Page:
Stream of Consciousness: The Middle

It is an occasion when a diner will ask his or her server anything about herself.  Rarely, do they open a door and whistle, beckoning my humanity to come out.  Here humanity, here boy.  It is rarely fun: bearing the “can I get’s?” and the “give me’s,” but then, as if out of some discreet pocket of air, I’ll receive a “What do you do?” and the heavens split right down the middle and light befalls us—an aura covering table 23.  Somehow, someone knew to ask what I do or what I want, what my passions and dreams may happen to be.  It is so brilliant that it almost seems to cancel out the following interaction that occurred at table 44 about two and a half weeks ago.

Father and daughter talk amongst themselves…

Father: “Should we ask, I don’t know.”

Lowly server (me): “Everything alright over here.  Are you all finished?”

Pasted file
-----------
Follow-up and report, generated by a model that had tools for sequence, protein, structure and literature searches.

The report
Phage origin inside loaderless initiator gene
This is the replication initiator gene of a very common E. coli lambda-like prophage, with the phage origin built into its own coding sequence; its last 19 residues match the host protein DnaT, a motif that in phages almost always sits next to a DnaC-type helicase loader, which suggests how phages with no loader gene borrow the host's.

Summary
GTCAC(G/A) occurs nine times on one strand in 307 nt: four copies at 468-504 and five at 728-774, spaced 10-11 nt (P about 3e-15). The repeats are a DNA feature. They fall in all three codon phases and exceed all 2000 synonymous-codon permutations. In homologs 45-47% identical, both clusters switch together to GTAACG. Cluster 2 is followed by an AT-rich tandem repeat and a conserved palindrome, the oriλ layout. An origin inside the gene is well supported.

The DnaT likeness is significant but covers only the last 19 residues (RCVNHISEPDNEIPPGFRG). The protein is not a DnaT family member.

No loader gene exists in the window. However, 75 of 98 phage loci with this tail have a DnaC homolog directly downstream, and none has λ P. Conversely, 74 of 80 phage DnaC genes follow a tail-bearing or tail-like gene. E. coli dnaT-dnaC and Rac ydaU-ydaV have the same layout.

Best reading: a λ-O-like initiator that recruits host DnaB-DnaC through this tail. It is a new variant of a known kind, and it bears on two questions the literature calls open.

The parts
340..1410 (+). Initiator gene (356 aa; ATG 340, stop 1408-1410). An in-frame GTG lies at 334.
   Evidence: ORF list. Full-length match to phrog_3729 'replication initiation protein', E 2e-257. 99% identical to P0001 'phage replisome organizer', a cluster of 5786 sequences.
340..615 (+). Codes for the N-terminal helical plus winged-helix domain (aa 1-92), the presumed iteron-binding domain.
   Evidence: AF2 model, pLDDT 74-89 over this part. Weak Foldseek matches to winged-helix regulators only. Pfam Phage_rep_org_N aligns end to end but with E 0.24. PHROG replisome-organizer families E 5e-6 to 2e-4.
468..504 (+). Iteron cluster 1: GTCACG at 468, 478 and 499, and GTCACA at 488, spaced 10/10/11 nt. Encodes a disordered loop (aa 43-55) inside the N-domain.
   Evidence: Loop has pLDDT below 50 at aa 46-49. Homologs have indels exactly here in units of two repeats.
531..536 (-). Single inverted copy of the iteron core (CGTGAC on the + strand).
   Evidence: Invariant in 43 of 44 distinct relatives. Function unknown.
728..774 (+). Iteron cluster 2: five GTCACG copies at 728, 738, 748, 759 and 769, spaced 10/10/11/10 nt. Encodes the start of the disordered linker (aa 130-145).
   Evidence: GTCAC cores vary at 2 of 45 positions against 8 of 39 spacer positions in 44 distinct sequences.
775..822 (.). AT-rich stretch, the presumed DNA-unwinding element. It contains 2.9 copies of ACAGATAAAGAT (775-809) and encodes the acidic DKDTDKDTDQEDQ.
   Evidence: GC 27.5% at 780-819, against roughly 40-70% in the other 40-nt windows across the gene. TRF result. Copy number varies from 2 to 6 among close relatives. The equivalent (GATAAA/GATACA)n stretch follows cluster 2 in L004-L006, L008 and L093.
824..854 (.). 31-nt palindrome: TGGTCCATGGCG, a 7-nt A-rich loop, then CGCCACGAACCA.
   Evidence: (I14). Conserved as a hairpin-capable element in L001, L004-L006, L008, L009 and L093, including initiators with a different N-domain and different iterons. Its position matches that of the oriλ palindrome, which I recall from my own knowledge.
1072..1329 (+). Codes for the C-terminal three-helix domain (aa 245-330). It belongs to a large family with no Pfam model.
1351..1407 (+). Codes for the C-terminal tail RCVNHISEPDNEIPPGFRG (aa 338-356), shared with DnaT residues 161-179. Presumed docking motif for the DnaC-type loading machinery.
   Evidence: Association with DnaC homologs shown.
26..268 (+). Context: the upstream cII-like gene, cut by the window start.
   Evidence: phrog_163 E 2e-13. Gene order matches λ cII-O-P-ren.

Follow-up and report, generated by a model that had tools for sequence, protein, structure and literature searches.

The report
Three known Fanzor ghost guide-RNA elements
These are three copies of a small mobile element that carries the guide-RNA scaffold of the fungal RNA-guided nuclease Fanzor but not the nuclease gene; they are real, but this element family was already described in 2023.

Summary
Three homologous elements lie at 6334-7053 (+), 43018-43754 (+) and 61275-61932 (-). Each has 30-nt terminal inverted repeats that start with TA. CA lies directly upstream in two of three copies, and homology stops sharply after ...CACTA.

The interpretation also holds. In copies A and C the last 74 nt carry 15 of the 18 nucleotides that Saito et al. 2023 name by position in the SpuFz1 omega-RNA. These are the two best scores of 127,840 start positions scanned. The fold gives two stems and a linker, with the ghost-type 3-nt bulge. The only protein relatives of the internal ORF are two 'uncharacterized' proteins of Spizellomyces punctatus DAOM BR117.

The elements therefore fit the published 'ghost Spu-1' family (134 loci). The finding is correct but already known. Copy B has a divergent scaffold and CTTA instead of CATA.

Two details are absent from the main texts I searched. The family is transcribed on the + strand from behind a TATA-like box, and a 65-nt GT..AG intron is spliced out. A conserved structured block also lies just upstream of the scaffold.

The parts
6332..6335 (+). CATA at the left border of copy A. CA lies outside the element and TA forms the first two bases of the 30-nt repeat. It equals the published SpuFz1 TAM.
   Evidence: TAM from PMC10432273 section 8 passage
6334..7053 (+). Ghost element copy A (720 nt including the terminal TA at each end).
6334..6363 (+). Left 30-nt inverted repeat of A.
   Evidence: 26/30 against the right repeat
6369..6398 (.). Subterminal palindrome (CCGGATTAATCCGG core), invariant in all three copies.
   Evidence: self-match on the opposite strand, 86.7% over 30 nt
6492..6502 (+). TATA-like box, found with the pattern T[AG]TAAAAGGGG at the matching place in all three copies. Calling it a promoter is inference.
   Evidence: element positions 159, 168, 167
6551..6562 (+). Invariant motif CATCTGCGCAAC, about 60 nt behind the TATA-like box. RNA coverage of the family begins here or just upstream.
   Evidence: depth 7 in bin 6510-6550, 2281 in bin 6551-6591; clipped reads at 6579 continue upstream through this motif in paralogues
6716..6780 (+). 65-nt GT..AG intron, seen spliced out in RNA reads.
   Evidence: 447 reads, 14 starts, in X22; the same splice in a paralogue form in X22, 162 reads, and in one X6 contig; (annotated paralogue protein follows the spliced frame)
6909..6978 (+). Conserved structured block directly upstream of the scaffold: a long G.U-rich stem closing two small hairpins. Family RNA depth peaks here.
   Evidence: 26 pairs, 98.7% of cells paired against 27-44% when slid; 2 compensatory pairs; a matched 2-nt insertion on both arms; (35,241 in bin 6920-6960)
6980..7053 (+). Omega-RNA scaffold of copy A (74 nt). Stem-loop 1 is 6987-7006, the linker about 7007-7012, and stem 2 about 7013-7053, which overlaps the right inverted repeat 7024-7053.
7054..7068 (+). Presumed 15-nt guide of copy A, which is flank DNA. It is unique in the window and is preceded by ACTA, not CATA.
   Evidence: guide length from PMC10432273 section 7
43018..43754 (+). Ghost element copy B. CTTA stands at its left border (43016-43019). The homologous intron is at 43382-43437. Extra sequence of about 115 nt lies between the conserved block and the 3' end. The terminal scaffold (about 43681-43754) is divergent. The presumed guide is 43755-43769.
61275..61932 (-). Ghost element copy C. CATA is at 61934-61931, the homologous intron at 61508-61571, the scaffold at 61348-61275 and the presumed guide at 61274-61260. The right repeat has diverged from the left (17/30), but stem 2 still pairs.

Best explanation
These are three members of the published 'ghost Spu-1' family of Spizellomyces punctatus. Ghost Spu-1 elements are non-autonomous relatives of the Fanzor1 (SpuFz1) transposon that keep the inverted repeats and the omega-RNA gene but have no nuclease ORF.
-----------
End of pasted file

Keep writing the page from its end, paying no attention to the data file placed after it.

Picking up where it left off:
Father: “Yes.  May we ask you a question.”

NB: This is all occurring after the gentleman told me that I should inform management that we have to do something about the room temperature maple syrup that causes the piping hot French toast to lower in temperature when it is poured atop the texas toast-y delicacy.

 

Me: Sure

Father: Do you have another job?

Me: I freelance write, which is my passion, but this is the only job I make money doing.  Why?

Father: Because we were just talking amongst ourselves and wondering how you could possibly make enough money as a waitress to live in a city like Washington, DC.

So these things sometimes happen.  I almost rather they are outright into heir debasement of me rather than closeted, discreet, huffy breathed, and blaming me for an undercooked something or other.  That guy tipped me about 40%.  It was the worst I’d ever felt about an overtly extravagant tip.  So back to “Here humanity, here boy.”  There is something very important that comes forth from being thrown into a life state that allows for expression, only if it is stifled by the impetuous wants and needs of others.  And believe it or not, regardless of how one may read my general tone, that something important is not boundless heaps of cynicism.  No, it is an achy urge to devote one’s time and efforts to extracting and encouraging the revealing of others’ humanity.  I want to name every face, or better yet, allow every face to name itself to me.